Morgan Hudson Opens Up About Her Latest Single/Music Video “Lonely Together”

Singer-songwriter and guitarist Morgan Hudson recently released her new single/music video, “Lonely Together,” featuring blues songsmith Lonnie Britton, a song exploring the struggles of loneliness.

Lonely Together
Morgan Hudson

Along with being the heart and soul of blues rock outfit MoCo, Morgan and Company, Hudson’s solo project revolves around the rich tapestry of country blues.

“Lonely Together” is a duet flavored by Hudson’s velvety smooth voice and Britton’s evocative baritone. Set against the backdrop of rural Carolina charm and allure, the video unfolds with visuals reflecting the song’s introspective narrative.

The video depicts two characters, each confronting the specter of loneliness. Morgan’s character steers through emotional seclusion by focusing her emotions on creativity and discovering who she is. Lonnie’s character falls into the dark chasm of despair, trying to cope by numbing his pain.

Guitar Girl Magazine spoke with Morgan Hudson to discuss the inspiration behind “Lonely Together” and how she connected with Lonnie Britton.

How do you describe your own music?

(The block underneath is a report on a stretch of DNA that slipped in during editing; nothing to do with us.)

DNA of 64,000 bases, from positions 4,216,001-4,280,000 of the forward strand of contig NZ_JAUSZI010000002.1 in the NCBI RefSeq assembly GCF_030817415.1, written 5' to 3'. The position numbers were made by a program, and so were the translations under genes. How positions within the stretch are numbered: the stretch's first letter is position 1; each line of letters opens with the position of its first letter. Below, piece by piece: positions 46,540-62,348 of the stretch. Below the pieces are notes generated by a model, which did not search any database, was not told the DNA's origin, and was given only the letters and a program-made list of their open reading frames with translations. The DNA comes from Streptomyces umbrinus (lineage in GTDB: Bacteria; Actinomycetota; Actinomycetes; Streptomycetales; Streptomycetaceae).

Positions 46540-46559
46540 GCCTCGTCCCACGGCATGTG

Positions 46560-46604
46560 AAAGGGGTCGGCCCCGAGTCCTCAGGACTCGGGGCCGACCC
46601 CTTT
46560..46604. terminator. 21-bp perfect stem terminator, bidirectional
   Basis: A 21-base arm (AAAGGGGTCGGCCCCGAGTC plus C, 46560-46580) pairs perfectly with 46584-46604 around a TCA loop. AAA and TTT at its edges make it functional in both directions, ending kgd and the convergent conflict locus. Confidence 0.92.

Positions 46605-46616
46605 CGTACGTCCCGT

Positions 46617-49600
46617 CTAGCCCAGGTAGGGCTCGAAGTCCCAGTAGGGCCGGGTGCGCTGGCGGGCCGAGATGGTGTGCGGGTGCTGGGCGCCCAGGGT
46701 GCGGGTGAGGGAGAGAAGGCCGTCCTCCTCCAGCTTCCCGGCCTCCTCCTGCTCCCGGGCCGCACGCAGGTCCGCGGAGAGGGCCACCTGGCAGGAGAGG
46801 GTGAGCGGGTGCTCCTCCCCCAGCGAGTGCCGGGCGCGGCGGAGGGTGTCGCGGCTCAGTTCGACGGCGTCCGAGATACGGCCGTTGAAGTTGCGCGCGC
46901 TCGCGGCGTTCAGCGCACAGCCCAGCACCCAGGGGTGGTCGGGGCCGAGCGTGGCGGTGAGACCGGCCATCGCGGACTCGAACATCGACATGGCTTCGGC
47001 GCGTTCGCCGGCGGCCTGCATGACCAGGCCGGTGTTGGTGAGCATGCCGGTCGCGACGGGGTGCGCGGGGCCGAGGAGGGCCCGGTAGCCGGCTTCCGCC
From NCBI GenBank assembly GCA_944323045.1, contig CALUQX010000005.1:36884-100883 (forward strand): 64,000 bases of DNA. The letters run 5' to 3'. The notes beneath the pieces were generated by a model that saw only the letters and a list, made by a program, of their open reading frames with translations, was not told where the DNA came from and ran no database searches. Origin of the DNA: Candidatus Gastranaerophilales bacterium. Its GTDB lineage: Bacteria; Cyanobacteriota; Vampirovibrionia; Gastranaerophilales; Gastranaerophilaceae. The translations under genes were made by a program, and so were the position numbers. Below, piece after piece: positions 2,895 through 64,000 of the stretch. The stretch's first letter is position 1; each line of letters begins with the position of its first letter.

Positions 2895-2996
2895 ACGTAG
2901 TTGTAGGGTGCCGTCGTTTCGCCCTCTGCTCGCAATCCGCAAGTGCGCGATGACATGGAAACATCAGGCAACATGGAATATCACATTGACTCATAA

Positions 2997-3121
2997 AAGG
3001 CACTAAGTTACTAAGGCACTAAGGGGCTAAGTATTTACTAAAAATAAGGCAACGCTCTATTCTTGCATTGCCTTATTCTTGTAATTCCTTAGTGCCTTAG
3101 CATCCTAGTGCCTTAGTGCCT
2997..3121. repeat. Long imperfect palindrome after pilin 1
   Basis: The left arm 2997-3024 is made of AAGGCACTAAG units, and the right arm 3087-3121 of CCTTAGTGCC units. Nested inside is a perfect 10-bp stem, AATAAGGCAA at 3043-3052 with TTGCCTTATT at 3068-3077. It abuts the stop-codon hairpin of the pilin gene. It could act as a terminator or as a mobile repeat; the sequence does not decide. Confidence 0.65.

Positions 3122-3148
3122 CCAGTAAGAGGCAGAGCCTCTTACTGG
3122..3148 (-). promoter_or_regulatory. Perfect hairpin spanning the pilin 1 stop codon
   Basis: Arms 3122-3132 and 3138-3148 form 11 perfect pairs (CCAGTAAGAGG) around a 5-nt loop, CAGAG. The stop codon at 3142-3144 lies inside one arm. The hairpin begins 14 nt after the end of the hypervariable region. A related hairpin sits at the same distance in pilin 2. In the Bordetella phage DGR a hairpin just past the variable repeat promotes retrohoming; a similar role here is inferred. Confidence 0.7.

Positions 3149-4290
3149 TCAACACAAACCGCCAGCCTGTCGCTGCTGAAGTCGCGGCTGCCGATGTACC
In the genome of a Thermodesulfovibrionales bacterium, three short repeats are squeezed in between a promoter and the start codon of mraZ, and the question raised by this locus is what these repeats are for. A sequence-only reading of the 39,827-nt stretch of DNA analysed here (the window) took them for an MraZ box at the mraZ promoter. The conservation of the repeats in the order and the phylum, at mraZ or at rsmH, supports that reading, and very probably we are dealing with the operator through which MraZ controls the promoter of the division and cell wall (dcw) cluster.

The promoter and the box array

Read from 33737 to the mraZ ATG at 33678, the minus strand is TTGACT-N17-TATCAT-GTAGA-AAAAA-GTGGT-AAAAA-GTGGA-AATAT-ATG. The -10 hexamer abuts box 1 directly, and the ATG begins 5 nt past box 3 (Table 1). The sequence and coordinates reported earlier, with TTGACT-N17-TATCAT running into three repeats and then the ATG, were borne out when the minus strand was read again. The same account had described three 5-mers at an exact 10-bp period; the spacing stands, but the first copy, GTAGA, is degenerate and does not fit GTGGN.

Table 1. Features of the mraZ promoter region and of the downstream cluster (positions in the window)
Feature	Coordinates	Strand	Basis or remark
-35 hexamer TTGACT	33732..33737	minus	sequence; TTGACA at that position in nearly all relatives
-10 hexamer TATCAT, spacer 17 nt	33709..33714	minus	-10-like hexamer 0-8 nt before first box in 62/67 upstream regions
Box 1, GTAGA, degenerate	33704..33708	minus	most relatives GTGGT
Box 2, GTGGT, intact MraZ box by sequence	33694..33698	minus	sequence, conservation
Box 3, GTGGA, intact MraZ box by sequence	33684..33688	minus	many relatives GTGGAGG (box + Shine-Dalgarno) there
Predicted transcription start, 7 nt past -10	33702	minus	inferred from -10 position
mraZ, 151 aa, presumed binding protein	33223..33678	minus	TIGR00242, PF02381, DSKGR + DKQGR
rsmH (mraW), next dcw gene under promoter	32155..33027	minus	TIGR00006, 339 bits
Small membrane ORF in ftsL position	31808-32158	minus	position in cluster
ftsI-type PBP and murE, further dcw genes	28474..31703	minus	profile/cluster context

Real life. I have found it incredibly difficult for me to write a song that I do not have a personal connection with. I like to make music that makes people feel uncomfortably comfortable with whatever emotion they need to feel at that moment. I pour my entire heart and soul into what I create. I make music for the heartbroken, the lovers, the empaths, and I’m not going to stop being honest with my songs, because the truth is- we all feel things sometimes we just don’t know how to say- or want to admit. I’m not always good at saying what I mean, but I can sing it. My style and voice have changed over the years, but my music tends to have a bluesy, singer-songwriter feel with rock and country elements.

What inspired your new single, “Lonely Together?”

Over the last year, I have gone through a significant season of change, and I found myself forced to confront many feelings—one of them being loneliness. New ideas and experiences on my path of self-discovery led to the passion and lyrics behind ‘Lonely Together.’